With Murray now widely projected to be the No. 1 overall pick, the Giants might need to trade up in order to secure their chance to draft Haskins – the only other quarterback widely projected to be a top pick – which is why Easterling, Lombardo and Reuter all have the Giants trading with the team they share a stadium with, the New York Jets, to move up to the No. 3 overall pick.
Because none of the teams currently picking in the top five are expected to draft Haskins, however, there’s still a good chance that the Giants will have the opportunity to select Haskins at the sixth pick unless another team trades up in front of them to select him.
Only four of the 16 mock drafts that we surveyed have the Giants passing up on Haskins, but if they do, the Jaguars, Broncos, Bengals and Redskins are all teams that could also be in the market for their quarterback of the future (though the Jaguars seem unlikely now after they reportedly agreed to a four-year, $88 million deal with Nick Foles on Monday).
Parris Campbell, WR
Jeremiah: Round 1, No. 22 overall, Baltimore Ravens
McShay: Round 1, No. 27 overall, Oakland Raiders
Brugler: Round 1, No. 30 overall, Green Bay Packers
Wilson: Round 2, No. 36 overall, San Francisco 49ers
Lombardo: Round 2, No. 38 overall, Jacksonville Jaguars
Draft Tek: Round 2, No. 40 overall, Buffalo Bills
Trapasso: Round 2, No. 46 overall, Washington Redskins
Easterling: Round 3, No. 70 overall, Tampa Bay Buccaneers
While Bosa and Haskins were already widely projected to be top-six picks before the combine, and simply solidified their standing as top prospects in Indianapolis, Campbell is the Buckeye who appears to be making a real move up draft boards after an excellent combine performance.
Campbell was not projected as a first-round pick in any of the 12 mock drafts we surveyed in February, but is now projected as a first-round pick by three of the industry’s most connected NFL draft insiders – Daniel Jeremiah, Todd McShay and Dane Brugler – and was projected to be selected no later than the middle of the second round in all but two of the mock drafts we surveyed that include two rounds or more.
There’s no consensus landing spot for Campbell – and McShay’s projected landing spot, the Raiders, is probably less likely now that they made a big move to trade for one of the NFL’s best wide receivers, Antonio Brown – but it now appears very much within the realm of possibility that Campbell could be a late first-round pick, and it will be a surprise if he isn’t selected in the first two rounds.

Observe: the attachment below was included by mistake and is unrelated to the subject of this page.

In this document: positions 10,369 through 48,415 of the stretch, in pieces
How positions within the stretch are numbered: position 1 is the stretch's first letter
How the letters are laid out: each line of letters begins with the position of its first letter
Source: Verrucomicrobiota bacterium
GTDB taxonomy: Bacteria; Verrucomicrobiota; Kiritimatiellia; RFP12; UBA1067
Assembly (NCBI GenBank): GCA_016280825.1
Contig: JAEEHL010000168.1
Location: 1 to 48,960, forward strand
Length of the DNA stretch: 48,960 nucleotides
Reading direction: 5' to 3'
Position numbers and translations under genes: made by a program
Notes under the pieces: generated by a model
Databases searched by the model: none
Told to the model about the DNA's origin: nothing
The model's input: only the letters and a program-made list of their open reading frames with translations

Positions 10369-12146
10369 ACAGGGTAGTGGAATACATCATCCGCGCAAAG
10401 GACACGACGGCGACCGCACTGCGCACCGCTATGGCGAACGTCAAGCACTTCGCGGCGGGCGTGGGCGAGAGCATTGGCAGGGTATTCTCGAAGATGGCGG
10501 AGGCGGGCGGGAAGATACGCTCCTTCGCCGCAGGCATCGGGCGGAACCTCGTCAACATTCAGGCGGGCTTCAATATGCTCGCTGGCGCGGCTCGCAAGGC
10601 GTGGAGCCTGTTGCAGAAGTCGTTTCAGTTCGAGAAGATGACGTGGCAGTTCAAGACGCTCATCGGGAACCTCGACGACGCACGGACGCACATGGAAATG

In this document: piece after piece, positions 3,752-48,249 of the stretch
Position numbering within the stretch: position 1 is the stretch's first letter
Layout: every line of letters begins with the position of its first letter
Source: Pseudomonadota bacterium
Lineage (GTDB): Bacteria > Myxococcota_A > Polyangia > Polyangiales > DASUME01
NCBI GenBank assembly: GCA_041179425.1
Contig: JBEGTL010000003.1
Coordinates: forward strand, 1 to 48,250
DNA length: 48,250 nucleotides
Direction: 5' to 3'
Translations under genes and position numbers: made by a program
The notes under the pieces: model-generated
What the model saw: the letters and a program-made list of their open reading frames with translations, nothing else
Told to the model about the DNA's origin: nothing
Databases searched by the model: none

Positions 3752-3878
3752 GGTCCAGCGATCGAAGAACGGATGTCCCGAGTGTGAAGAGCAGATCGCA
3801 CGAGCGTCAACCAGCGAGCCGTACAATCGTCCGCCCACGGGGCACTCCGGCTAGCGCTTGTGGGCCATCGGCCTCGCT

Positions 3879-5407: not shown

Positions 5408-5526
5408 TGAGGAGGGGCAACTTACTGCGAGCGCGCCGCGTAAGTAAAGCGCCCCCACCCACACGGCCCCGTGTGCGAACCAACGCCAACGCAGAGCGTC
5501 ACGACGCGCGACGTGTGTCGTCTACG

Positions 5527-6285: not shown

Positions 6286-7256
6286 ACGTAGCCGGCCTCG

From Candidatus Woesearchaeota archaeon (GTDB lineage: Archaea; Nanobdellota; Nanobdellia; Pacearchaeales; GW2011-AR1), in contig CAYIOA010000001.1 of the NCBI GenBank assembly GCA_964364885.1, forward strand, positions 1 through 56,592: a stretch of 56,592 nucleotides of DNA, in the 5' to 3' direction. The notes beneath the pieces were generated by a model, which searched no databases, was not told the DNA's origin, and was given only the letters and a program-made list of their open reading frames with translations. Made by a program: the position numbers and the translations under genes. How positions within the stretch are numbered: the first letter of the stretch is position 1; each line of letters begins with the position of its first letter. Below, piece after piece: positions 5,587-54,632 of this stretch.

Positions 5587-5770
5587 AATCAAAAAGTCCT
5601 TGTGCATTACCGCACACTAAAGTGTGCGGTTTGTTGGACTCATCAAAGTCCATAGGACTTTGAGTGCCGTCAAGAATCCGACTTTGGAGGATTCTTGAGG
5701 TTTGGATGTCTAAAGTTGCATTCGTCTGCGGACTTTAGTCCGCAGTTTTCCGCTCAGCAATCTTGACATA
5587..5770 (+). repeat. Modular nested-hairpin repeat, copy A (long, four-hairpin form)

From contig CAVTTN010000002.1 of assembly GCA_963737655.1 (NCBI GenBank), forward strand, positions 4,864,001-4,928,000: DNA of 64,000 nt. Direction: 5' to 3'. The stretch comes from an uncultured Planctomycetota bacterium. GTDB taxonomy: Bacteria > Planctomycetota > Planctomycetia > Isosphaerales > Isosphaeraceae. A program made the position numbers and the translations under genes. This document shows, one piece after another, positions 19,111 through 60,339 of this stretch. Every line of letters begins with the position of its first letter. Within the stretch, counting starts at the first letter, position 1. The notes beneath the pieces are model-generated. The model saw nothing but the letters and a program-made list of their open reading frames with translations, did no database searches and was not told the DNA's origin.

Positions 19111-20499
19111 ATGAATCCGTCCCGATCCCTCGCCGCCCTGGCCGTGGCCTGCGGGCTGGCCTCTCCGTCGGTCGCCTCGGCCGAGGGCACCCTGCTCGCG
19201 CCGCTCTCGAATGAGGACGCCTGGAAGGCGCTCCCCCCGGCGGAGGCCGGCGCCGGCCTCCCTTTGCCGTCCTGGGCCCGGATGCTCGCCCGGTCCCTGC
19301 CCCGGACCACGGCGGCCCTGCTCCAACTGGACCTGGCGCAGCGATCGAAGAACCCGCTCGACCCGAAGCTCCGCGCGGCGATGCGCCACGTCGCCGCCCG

Dre’Mont Jones, DT
Norris: Round 1, No. 28 overall, Los Angeles Chargers
Easterling: Round 2, No. 50 overall, Minnesota Vikings
Lombardo: Round 2, No. 50 overall, Minnesota Vikings
Draft Tek: Round 2, No. 50 overall, Minnesota Vikings
Trapasso: Round 2, No. 56 overall, New England Patriots
It’s unusual to see a consensus landing spot for a player who is widely projected to be drafted in the middle of the second round, but the popular projection for Jones in mock drafts so far has been the Minnesota Vikings’ 50th overall pick, where he lands in three of the five mock drafts that included the Ohio State defensive tackle this time around.
Even though the Vikings already drafted one defensive tackle from Ohio State last year, when they selected Jalyn Holmes in the fourth round and moved him inside, they are likely to be in the market for another defensive tackle – particularly, one like Jones who is a disruptive interior penetrator – after reportedly losing Sheldon Richardson to the Cleveland Browns in free agency.
It’s still possible that Jones could sneak into the late first round of the draft, but with unspectacular testing results at the combine and a draft class of defensive linemen that’s loaded with top prospects, it appears more likely that he will end up somewhere in Round 2.
Michael Jordan, OL
Draft Tek: Round 3, No. 77 overall, Carolina Panthers
Terry McLaurin, WR
Draft Tek: Round 4, No. 108 overall, New York Giants
Easterling: Round 4, No. 115 overall, Carolina Panthers
Isaiah Prince, OT
Draft Tek: Round 4, No. 117 overall, Atlanta Falcons
Mike Weber, RB
Draft Tek: Round 4, No. 129 overall, Dallas Cowboys
There haven’t been many seven-round mock drafts published since the NFL Scouting Combine, so we don’t have a good range of projections to look at for the Buckeyes who aren’t projected to be selected in the first two rounds. Draft Tek’s most recent computer simulation, however, projects that eight Buckeyes will be selected in the 2019 NFL draft – all within the first four rounds.
Once you get past the second round, it’s exceedingly difficult to project where a player ultimately will ultimately land, but Jordan, McLaurin, Prince and Weber all appear as though they should at least be drafted within the middle rounds.
Two other Buckeyes who should have a shot to be drafted, though they weren’t included in Draft Tek’s seven-round projection, are cornerback Kendall Sheffield and wide receiver Johnnie Dixon. Sheffield has been projected to be selected as early as the third round in earlier mock drafts, but he missed out on his chance to solidify himself as a middle-round pick when he suffered a partial pectoral tear during the bench press at the combine, which prevented him from participating in an on-field workout and could prevent him from participating in Ohio State’s March 20 pro day, as well.